December 1, 2008
Welcome to our Budongo web log! In camp we were feeling a little guilty about being the only ones lucky enough to experience all of the interesting and entertaining stories that make up daily life here in the Budongo forest; so we thought we’d set up a blog so that everyone else could have as much fun keeping up with the Sonso chimps as we do! We hope that this helps all of our existing friends (and hopefully some new ones..) keep track of the characters they know and love, and meet a few others along the way. We’ve filled the site with lots of interesting features about not only the chimps, but also the research and other projects here at camp. So scroll down for the latest stories or have a look around the rest of the site, and don’t forget to let us know what you think!
Who’s Who – Check out our chimp profiles in the Sonso Who’s Who pages for the latest up to date information and pictures on the members of the Sonso Chimpanzee community.
Current Research - Check out the ongoing projects at the field site.
Local Projects – See how the project has extended it’s links through the local community.
November 5, 2012
OK folks, we’re now a proper page on Facebook so check out the link on the right, come on down and please Like away – feel free to post stories, photos and news of your Budongo friends, furry or otherwise!
November 5, 2012
Kalema has been a familiar face to many of the researchers and staff on the chimpanzee team here in Budongo. Around from the earliest days of the project she’s easily recognized from her badly disfigured hand, the result of an old snare injury, or the unusually pointy head that she appears to have passed on to all of her children – leading to them being affectionately named the ‘coneheads’..
At 33-years old she’s had three children: Bahati her eldest daughter who emigrated to our Waibira group, Kumi her middle daughter who recently emigrated too, although we’ve yet to work out where, and Klaus, her youngest son who, as the apple of his mother’s watchful eye, constantly gets himself into scraps and scrapes which she frantically smooths over for him. As Klaus just turned 6, it was about time that they had a new arrival in the family but sadly this just hasn’t been our year for baby chimps, and following the losses of both Oakland and Nora’s babies – Kalema also lost her new infant, apparently to natural causes. To add to our worries this had clearly been a difficult birth and Kalema was left with a prolapsed uterus – a potentially life threatening situation. A natural risk of childbirth there was nothing for us to do but monitor her carefully and keep our fingers crossed that Kalema would battle through. Now after a couple of nervous weeks we can at last report that she seems to have turned a corner, and despite needing a little more rest than usual is getting back to her daily routine.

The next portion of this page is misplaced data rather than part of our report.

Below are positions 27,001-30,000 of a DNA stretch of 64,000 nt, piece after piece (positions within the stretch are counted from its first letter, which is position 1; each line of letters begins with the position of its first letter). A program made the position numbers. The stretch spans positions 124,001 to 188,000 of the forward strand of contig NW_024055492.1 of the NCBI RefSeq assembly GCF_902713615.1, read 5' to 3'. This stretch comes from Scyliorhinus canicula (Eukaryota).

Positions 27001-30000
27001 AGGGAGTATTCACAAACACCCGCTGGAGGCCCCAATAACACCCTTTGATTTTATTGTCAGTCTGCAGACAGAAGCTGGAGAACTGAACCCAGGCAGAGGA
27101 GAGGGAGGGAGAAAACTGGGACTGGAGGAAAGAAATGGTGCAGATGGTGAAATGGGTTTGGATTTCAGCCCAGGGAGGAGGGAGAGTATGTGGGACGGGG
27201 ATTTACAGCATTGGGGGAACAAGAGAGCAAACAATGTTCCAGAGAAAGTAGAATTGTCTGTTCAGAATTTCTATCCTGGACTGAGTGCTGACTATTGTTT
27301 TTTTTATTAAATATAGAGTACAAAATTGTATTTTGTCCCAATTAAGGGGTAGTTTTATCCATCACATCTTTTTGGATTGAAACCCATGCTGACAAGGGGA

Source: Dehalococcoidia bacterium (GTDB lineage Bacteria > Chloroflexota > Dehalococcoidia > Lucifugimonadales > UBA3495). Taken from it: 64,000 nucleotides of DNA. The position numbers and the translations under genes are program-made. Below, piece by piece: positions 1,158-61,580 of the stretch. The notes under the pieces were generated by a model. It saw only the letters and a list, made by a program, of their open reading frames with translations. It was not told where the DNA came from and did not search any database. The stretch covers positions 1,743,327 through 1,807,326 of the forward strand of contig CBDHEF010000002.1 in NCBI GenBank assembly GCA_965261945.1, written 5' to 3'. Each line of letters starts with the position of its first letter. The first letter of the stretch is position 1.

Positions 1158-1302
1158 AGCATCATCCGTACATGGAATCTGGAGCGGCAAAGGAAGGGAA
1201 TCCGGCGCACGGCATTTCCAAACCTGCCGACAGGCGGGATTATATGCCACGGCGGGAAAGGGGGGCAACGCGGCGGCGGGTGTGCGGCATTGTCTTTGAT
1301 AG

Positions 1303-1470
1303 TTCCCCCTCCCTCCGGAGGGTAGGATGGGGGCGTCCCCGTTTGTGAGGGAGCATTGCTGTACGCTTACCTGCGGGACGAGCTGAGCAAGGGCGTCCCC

Maybe our luck is starting to turn as Bahati (who’s name means Luck in Swahili) has just made her a grandma! We’re keeping every set of fingers and toes crossed in the forest that our new mother lives up to her name – and gives us our first Waibira baby born to a fully habituated female. If it’s a little girl perhaps she’ll emigrate back to her grandmother’s community one day!
September 12, 2012
We see lots of changes over the years at Budongo: births and deaths, immigrations and emigrations. One of the most exciting parts of now having two neighbouring groups is that we can start to see some of those changes unfolding. Female chimpanzees emigrate to another community when they reach sexual maturity (somewhere between 13-15years old), there are a few, such as Kewaya, who stay in their natal community but these are rare exceptions. Usually once a young female has started to have the regular cycles of her sexual swelling she’ll also start to disappear off for a few days, weeks, and eventually months at a time. This year Katia, Janet and Kumi all disappeared for longer trips and so far only Katia has made it back to us. Hopefully Janet and Kumi are settling into new groups somewhere, they’re on the young side to immigrate but they were both always fairly precocious girls who started cycling early and had the attitude to match.
On the other side of it we see new faces popping up in Sonso – recently a fluffy young girl who can’t be more than 11 or 12 years old has become a regular visitor and seems to be settling in for the time being. She seems to have buddied up with Simon who can usually be found grooming her for long periods of time in the swamps to the south. Excitingly a couple of weeks ago, when the big fig that stands tall over camp came into fruit another new face cropped up – this one seemed half familiar to us and we realised that while we don’t know her she is the spitting image of several of our Waibira females.. Perhaps as Nora and Bahati went from Sonso up into Waibira, we’ll now start to see some of our Waibira girls comes south-west into Sonso. Kipepeo and Rachna are our best bets for young girls at the right age to immigrate – but with the results to the DNA analyses that the team have worked hard to get now coming through, we’ll hopefully be able to even check out individuals who we haven’t yet met.